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Positive conversion of interferon-γ release assay in patients with rheumatic diseases treated with biologics

  • Hye Won Kim
  • Oh Chan Kwon
  • Sang Hoon Han
  • Min-Chan ParkEmail author
Comorbidities

Abstract

The objective of this study is to investigate whether the type of biologics (TNFi or others) or type of rheumatic diseases (RA or AS) influence the conversion rate of initially negative tuberculosis (TB) screening test results. A total of 119 patients with RA or AS who had negative baseline interferon-γ release assay (IGRA) results assessed by QuantiFERON-TB Gold in tube (QTF-GIT) were included. All patients received biologic agents, and rescreening with QTF-GIT was performed after a median of 25.9 months from the baseline test. Clinical characteristics and IFN-γ levels were compared between converters and non-converters. Logistic regression analysis was performed to identify factors associated with positive conversion. IGRA conversion was found in 14 of 119 patients (11.8%). The converters were older (53.4 ± 14.2 vs 44.4 ± 15.5 years, p = 0.040), had higher baseline TB-specific IFN-γ responses (0.105 [0.018–0.205] vs 0.010 [0.000–0.035] IU/ml, p = 0.001) and higher incidence of active TB (14.3% vs 0.0%, p = 0.013). The number of patients with RA or AS was 9 (64.3%) or 5 (35.7%) in converters, and 45 (42.9%) or 60 (57.1%) in non-converters. In terms of use of biologics, TNFi of monoclonal antibody form was less commonly used in the converters (p = 0.024). In the logistic regression analysis, type of disease and type of biologics used were not associated with IGRA conversion, whereas baseline TB-specific IFN-γ response was significantly associated with IGRA conversion (OR 1.083, 95% CI 1.019–1.151, p = 0.011). Serial monitoring of LTBI with IGRA retesting is needed during biologic treatment, regardless of the type of rheumatic diseases or type biologics used.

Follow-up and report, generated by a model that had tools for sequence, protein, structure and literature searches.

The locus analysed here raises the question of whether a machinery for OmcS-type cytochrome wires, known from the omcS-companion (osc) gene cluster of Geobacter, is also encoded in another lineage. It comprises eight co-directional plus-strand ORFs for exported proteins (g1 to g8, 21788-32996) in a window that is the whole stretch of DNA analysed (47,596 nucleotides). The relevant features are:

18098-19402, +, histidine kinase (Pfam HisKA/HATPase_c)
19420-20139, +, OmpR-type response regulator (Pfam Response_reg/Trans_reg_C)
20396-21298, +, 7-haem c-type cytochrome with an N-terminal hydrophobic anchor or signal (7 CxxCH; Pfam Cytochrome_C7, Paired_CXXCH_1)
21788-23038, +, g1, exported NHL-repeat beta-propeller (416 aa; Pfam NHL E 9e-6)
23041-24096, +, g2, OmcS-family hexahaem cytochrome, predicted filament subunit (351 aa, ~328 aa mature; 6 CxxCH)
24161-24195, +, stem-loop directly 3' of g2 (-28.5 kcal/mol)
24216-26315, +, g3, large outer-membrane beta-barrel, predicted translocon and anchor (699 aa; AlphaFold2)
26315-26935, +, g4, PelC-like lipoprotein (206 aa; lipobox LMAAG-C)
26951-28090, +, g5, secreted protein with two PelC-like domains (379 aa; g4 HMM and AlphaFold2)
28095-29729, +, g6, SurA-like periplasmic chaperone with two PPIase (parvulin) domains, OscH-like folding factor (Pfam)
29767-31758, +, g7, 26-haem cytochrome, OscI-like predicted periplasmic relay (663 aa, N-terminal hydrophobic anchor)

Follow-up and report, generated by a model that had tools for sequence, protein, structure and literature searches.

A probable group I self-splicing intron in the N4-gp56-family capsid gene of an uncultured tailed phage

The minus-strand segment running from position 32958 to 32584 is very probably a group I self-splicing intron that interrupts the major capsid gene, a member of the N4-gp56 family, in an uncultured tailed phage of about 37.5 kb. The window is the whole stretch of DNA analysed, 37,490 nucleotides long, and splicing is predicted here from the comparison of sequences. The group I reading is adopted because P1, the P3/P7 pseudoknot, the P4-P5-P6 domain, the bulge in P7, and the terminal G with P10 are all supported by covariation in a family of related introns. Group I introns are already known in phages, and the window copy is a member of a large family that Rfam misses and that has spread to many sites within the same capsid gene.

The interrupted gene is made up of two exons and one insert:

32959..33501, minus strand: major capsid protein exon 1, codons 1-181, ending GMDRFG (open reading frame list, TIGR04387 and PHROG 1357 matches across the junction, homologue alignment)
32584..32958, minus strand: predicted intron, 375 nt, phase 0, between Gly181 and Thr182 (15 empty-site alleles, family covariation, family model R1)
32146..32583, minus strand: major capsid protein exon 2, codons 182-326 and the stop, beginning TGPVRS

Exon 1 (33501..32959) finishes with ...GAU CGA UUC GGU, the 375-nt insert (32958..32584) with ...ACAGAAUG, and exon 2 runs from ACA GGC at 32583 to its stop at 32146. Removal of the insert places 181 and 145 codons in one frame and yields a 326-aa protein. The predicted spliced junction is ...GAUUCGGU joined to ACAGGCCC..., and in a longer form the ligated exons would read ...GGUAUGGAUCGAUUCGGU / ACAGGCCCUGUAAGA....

Keywords

Interferon-γ release assay Biologics Tuberculosis Rheumatoid arthritis Ankylosing spondylitis 

Notes

Acknowledgements

This study was supported by a grant of the Korean Health Technology R&D Project, Ministry for Health and Welfare, Republic of Korea (HI14C1774). We thank Hye Sun Lee, Ph.D. and Sinae Kim, M.S., Biostatistics Collaboration Unit, Yonsei University College of Medicine, for statistical consultation. We also thank Editage (https://www.editage.co.kr) for English editing.

Author contributions

HWK contributed to data collection and analysis, and manuscript writing. OCK contributed to data collection and analysis, and manuscript writing. HWK and OCK contributed equally as co-first authors in the study. SHH contributed to data collection and analysis, and critically reviewed the manuscript. M-CP contributed to the conception and design of the study, data collection and analysis, manuscript writing, and final approval of the manuscript.

Compliance with ethical standards

Conflict of interest

The authors declare that there are no conflicts of interest in relation to this article.

Ethical approval

All procedures were performed in accordance with the ethical standards of the Institutional Review Board of Gangnam Severance Hospital (IRB No: 3-2016-0240) and with the 1964 Helsinki declaration. The approval date of IRB was October 17, 2016.

Related congress abstract publication

Preliminary data of this study was presented in the poster presentation session of EULAR Congress 2017 that was held in Madrid, Spain; Min-Chan Park, Hye Won Kim, Sang Hoon Han (2017) Positive conversion of tuberculosis screening results and incidence of active tuberculosis infection in patients receiving biologic treatment. Ann Rheum Dis 76 Suppl 2:762. https://doi.org/10.1136/annrheumdis-2017-eular.1286; presentation number, FRI0717; and presentation date, June 16, 2017.

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Copyright information

© Springer-Verlag GmbH Germany, part of Springer Nature 2020

Authors and Affiliations

  1. 1.Department of Medicine, The Graduate SchoolYonsei UniversitySeoulSouth Korea
  2. 2.Division of Rheumatology, Department of Internal Medicine, Gangnam Severance HospitalYonsei University College of MedicineSeoulSouth Korea
  3. 3.Division of Infectious Diseases, Department of Internal MedicineYonsei University College of MedicineSeoulSouth Korea
  4. 4.Division of General Internal Medicine, Department of Internal MedicineSeoul National University Bundang HospitalSeongnamSouth Korea

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